From an increasing demand for free music content online – through the likes of YouTube and Vevo – to the gradual decline in CD sales, the ever-changing nature of the music industry has long represented the rapid technological change/development occurring throughout modern society.
Of all the changes to have occurred in the past twenty years however, the most significant is the music industry’s increasing reliance upon free and subscription-based music streaming services, through the likes of Spotify, Apple Music, Tidal etc.
Easy to access, streaming services have revolutionised not only how we listen to music, but the very music we listen to. Whereas once music fans would have had to wait years for the latest LP from a favourite artist or producer, many of us now rely upon carefully-curated playlists to determine what music we should be listening to.
Despite the obvious downsides – usually forwarded by the ‘traditionalists’ of the music world – music streaming services appear to have saved the music industry from the jaws of defeat, with streaming profits providing some music labels with their greatest surge in revenues since 2006.
If you are one of the many hundreds of millions using a music streaming service, you’ll know of the various sleep-related playlists available to you. On Spotify for example, there are playlists for every kind of sleeper, whether you’re a fan of ASMR, jazz, waterscapes, or ambient music just before bedtime.
But is there actually any scientific relationship whatsoever, between music and sleep?
To be clear, the role of music and sleep is well-documented, even if the specific mechanisms at play still remain under consideration. For example, music has been found to often calm a person before sleep – lowering heart rate and respiration rate – as well as stimulating the secretion of oxytocin, a hormone which has been shown to help people fall asleep.
The reason for this could rely upon our earliest experiences as a baby, when many of us would have drifted-off with the aid of a nursery rhyme or lullaby, sung to us by a parent or carer. Yet, armed as we now are by an array of electronic, speaker-enabled products (and probably no longer in the company of our parents/carers), we now possess the ability to use lullabies long into our adult and elder years.
Somebody who knows all of this (and probably a lot more), is Tom Middleton, a world-famous touring DJ and now, a sleep science coach.
After having toured alongside the likes of Aphex Twin and Mark Pritchard throughout the 90s, Tom had always tended towards the more experimental-side of electronic music. And now, working alongside cognitive neuroscientists, Tom has produced an album specifically designed to help you lower your heart rate, respiration rate and and even your blood pressure, sending you off towards a more relaxed mindset and (fingers-crossed) sleep.
Filled with luscious textures, sweeping melodies and expert production, Tom Middleton’s “Sleep Better” could easily fit alongside the ambient productions often associated with the likes Brain Eno, Tangerine Dream or Boards of Canada. But when it comes to helping us get to sleep, this particular album is in a league of its own. So much so in fact, that Tom recently admitted to the BBC that they have even had to add a disclaimer, prompting listeners not to listen to the record “while driving, operating machinery or submerged under water.”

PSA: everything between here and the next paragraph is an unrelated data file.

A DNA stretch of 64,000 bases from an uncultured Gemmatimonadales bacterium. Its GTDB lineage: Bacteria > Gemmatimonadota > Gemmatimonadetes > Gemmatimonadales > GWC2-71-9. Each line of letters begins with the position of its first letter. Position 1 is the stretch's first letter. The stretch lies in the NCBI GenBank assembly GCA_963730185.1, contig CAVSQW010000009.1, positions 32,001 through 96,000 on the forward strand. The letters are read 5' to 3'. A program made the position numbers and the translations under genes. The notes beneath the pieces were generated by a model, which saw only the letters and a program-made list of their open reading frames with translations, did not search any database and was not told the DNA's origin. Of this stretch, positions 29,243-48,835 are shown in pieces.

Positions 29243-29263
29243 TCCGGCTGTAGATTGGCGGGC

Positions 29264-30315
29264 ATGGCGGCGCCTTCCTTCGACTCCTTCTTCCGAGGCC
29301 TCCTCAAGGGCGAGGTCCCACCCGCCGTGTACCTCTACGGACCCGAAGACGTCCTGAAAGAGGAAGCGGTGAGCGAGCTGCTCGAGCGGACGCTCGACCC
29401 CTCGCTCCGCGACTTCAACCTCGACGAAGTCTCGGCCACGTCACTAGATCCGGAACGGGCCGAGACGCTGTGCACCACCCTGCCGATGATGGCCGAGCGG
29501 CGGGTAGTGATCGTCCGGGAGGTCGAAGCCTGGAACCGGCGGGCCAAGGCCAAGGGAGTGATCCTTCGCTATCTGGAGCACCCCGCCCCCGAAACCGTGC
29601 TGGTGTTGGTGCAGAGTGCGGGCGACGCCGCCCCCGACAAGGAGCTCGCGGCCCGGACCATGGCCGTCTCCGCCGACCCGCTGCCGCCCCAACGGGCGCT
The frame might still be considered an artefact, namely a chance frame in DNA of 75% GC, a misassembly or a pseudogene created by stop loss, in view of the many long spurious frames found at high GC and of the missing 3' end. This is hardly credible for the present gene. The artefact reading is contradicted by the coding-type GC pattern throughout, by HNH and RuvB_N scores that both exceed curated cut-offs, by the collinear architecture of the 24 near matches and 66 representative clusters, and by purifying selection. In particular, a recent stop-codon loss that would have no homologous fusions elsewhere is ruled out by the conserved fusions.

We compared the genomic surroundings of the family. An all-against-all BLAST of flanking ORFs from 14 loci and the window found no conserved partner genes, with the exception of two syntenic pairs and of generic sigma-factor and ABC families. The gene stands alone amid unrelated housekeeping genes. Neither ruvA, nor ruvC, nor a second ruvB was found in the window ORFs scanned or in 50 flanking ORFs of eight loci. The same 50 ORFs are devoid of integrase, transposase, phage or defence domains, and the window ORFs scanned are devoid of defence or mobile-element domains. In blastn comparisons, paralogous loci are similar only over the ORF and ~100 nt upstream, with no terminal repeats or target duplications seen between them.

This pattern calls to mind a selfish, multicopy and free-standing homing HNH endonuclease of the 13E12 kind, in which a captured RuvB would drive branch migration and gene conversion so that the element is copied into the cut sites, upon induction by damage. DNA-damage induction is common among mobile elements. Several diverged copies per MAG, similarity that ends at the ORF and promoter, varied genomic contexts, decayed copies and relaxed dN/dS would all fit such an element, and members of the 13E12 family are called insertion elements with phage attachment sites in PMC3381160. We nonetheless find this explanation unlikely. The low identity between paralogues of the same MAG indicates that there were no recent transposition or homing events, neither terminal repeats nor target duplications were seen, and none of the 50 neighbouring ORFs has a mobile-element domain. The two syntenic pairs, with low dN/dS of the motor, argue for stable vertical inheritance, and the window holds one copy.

Of course, due to the closely-aligned nature of sleep and comfortability, the genre of music is particularly important to the likelihood of music’s effect upon aiding high-quality rest. The National Sleep Foundation for example, recommends compiling a playlist of “soothing” songs, between 60 and 80 beats per minutes/bpm. In other words, you’ll probably prefer to listen to music of a classical, perhaps ambient variety before bedtime, rather than anything with a fast, four-to-the-floor beat.
What’s more, certified sleep science coach and founder of SleepZoo Chris Brantner recently told Elite Daily that, “familiar melodies are often the most comforting,” due to the predictability of the song structure, and allowance for “less active participation in listening.”
In that sense, however appealing it may be to turn to Spotify’s Sleep playlist in an attempt to rescue you from sleeplessness at 3am in the morning, don’t expect its ‘sleep-inducing impact’ to be an inevitability.
Instead, why not ease yourself into the playlist or any number of playlists, over a number of weeks – on the way to work etc. – gradually familiarising yourself with the playlist.
Or indeed, following the advice of The National Sleep Foundation and SleepZoo’s Chris Brantner, you could curate your very own sleep playlist, selecting your choices according to familiarity and comfortability, whilst of course, keeping each track below 80 bpm.
Just remember. You’re trying to get to sleep, rather than have a late-night boogie.